The State Capitol. Photo by Markus Schmidt.

RICHMOND – The Virginia House of Delegates and the state Senate on Saturday afternoon adjourned its regular session without completing its work on the state’s biennial budget. Instead, lawmakers passed a resolution allowing them to approve conference committee reports on bills – including the budget – in a subsequent special session. A date for the latter has yet to be determined, but under Virginia law, the budget must be finalized at least 48 hours before July 1, when it is set to take effect. 

House Speaker Todd Gilbert, R-Shenandoah, told reporters Saturday that the House was willing to go overtime, but Senate Democrats had made clear on Friday that they would not support an extension of the General Assembly’s regular 60-day session, which began Jan. 12.

Both parties are still haggling over a $3 billion gap separating their individual spending plans. Most disagreements are related to different versions of tax relief proposals – an important staple of Gov. Glenn Youngkin’s campaign platform. 

Especially the proposed repeal of the 2.5% grocery tax remains a highly contested issue. While both parties support this idea, Republicans want to eliminate the entire tax. Democrats, however, only back repealing the state’s 1.5% portion of the tax, leaving the 1% benefiting localities intact. 

Youngkin said Saturday that he was “encouraged” with the recent progress on the budget, and he thanked lawmakers on both sides of the aisle for their efforts. “We need to finalize tax relief, lab schools, and other bipartisan priorities including investing in education, funding law enforcement, and addressing our behavioral health crisis, among others,” the governor said in a news release. “As I said last week, it could take time to get the budget right. I’d ask that the negotiators work quickly.”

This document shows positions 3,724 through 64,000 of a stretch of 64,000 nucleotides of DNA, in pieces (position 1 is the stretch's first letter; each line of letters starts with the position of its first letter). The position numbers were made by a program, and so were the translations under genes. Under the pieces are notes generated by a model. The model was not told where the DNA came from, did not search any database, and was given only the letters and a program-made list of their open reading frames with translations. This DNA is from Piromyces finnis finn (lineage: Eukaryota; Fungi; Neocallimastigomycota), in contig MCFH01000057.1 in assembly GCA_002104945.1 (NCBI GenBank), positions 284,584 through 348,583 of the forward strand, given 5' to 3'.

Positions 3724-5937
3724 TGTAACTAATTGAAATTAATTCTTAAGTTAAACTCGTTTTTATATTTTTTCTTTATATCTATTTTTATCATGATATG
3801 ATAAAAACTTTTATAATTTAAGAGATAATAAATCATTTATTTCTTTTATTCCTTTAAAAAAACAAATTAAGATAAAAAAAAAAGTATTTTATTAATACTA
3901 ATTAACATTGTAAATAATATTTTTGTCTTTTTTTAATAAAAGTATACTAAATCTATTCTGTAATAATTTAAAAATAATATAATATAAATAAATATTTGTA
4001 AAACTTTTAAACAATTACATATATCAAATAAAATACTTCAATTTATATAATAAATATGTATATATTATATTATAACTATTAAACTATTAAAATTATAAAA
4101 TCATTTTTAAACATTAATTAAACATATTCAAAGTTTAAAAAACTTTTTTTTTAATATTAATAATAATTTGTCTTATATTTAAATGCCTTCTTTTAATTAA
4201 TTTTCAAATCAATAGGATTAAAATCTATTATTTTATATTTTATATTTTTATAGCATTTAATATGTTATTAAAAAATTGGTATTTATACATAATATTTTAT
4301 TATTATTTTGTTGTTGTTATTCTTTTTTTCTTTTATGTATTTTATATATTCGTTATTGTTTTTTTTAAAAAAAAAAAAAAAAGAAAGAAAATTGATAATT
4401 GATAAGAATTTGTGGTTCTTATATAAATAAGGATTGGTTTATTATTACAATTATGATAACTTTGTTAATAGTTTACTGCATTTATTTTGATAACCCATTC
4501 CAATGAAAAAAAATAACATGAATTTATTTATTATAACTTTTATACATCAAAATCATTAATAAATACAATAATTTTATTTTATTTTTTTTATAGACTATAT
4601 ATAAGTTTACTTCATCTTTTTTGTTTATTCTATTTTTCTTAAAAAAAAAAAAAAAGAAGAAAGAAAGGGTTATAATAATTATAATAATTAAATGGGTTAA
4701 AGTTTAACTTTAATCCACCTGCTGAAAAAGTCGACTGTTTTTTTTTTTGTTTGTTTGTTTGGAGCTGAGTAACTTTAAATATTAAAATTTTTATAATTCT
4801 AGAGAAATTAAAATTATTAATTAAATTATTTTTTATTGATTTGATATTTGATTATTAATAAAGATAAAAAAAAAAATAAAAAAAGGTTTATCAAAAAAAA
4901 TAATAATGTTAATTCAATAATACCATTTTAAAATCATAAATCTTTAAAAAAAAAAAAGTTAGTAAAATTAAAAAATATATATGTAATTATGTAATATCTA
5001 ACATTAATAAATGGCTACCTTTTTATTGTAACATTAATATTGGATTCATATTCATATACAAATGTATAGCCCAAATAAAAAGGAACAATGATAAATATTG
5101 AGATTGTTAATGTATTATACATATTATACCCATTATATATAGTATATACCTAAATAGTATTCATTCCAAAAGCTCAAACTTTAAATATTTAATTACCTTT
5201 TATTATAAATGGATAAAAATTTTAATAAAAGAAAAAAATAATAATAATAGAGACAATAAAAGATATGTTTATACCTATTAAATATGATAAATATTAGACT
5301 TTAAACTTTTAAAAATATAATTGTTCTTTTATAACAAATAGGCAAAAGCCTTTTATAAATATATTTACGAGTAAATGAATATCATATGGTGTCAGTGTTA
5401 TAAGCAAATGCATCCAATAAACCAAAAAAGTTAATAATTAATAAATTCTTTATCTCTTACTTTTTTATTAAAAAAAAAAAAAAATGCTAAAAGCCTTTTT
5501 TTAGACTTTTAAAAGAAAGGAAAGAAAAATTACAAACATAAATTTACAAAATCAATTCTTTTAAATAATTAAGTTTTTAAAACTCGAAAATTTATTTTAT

On Friday, Youngkin had also announced that February revenue collections supported the revised general fund forecast issued last month. Total general fund revenues fell 1.2% in February compared to last year’s unusually large number, as more refunds were issued this February due to last year’s delayed opening to the refund-processing season.

Markus Schmidt

Markus Schmidt is a reporter for Cardinal News. Reach him at markus@cardinalnews.org.